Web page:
Hellmann's was the company that brought mayo to the masses. In the 18th century, mayo was a foodstuff of elite Europeans. The mix of oil, vinegar and raw eggs, called an emulsion, had the tendency to separate back into its parts. Because of the eggs, it only lasted three to four days. Even by the turn of the 20th century it was still considered a labor-intensive and effervescent luxury.
Then Hellmann's "weaponized" mayo. Starting out of a small deli in New York, Hellmann's joined with other mayo makers in using a pasteurization process to turn it into a commercial product with a shelf life. Developing and adding industrial production, distribution and marketing, the company became a national business.
But capitalist prowess alone didn't make mayo mighty. The thick white spread solved a problem. With mayo, you could take the trimmings from a 20-cent sliced chicken sandwich and turn what would have been waste into a chicken salad sandwich and sell it for 10 cents. It was bootstrapping on toast.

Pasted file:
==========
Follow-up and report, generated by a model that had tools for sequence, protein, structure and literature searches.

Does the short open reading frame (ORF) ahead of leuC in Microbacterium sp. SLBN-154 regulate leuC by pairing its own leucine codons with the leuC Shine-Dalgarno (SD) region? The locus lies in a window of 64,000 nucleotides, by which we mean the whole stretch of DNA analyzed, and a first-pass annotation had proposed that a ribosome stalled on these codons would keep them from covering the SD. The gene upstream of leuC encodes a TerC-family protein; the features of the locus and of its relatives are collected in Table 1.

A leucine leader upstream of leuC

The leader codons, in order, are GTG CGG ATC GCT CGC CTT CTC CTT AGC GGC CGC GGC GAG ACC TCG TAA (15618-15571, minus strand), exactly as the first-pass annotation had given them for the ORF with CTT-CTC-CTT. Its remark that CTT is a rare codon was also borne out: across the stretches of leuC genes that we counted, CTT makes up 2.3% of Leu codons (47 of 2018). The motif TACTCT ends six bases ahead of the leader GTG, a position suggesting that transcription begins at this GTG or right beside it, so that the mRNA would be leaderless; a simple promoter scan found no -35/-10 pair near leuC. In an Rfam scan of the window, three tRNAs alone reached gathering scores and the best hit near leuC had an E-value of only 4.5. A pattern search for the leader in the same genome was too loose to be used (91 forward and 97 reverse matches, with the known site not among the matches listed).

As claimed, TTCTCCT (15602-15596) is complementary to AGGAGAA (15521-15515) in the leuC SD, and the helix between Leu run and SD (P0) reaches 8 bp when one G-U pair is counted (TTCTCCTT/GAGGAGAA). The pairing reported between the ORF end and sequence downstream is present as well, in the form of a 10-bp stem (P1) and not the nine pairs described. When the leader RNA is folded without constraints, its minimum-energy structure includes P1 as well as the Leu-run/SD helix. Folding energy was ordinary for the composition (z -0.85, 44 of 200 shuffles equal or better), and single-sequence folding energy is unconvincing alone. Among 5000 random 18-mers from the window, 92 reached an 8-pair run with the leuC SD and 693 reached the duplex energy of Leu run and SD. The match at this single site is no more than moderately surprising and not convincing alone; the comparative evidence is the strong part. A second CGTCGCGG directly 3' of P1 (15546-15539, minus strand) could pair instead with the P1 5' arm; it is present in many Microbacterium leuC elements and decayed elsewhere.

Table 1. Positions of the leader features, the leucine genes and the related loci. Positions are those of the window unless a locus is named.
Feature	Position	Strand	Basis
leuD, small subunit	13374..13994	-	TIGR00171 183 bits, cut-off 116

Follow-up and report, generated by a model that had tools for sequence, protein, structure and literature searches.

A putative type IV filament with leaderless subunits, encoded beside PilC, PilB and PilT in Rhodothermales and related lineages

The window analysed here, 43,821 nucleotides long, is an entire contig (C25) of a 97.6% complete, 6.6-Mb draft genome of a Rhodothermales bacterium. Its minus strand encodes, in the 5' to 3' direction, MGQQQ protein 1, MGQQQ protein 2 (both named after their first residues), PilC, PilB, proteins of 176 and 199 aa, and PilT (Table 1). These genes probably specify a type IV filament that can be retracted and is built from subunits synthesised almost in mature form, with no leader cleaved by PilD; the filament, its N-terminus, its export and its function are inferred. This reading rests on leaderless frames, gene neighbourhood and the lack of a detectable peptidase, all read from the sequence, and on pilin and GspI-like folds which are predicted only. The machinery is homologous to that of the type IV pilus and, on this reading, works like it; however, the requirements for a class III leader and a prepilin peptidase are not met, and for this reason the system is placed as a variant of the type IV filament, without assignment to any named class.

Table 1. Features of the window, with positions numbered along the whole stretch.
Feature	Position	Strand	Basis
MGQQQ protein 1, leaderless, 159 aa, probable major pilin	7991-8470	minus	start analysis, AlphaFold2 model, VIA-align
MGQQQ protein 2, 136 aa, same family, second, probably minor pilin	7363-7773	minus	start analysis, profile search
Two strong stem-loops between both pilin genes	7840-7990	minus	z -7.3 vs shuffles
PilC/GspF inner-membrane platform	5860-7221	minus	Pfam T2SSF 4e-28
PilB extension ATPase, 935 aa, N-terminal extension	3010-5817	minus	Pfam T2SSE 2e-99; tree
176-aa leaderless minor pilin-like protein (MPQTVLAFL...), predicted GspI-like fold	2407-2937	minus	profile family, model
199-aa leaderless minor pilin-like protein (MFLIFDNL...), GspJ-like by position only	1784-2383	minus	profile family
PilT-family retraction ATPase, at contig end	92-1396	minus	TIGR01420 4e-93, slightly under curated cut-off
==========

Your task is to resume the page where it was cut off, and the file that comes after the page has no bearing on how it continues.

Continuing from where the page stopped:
From lunch counters to Sunday potlucks, chefs learned to rely on their little jars with the blue ribbon on the front. It was quite handy. "You can use it to brighten up and add taste to something," said Richard Gutman, curator of the Culinary Arts Museum of Johnson and Wales University in Providence, R.I.
All the while, Hellmann's and other mayo makers kept stoking demand by inventing and promoting new recipes that they inserted into magazines, advertising and cookbooks. Colorful illustrations showed how you could take a few simple ingredients, add a cup of mayo and spices, and have a bite of the good life.
One historic booklet in Gutman's archives described 160 recipes for using it in combination with JELL-O. Another detailed a peanut butter and olive sandwich with mayo beaten into the peanut butter.
If not always delicious, mayo certainly spurred innovation.
Culinary historian Andrew Smith has studied historic menus from church luncheons and Sunday afternoon dinners. For over 150 years, potato salad has been on those menus.
"It's cheap. Potatoes cost nothing. Mayo costs nothing. Eggs and seasoning cost nothing," said Smith.
Add a teaspoon of chili sauce to mayonnaise and slather it on some asparagus, said Gutman, and mayo "makes you think you're putting on a fancier party."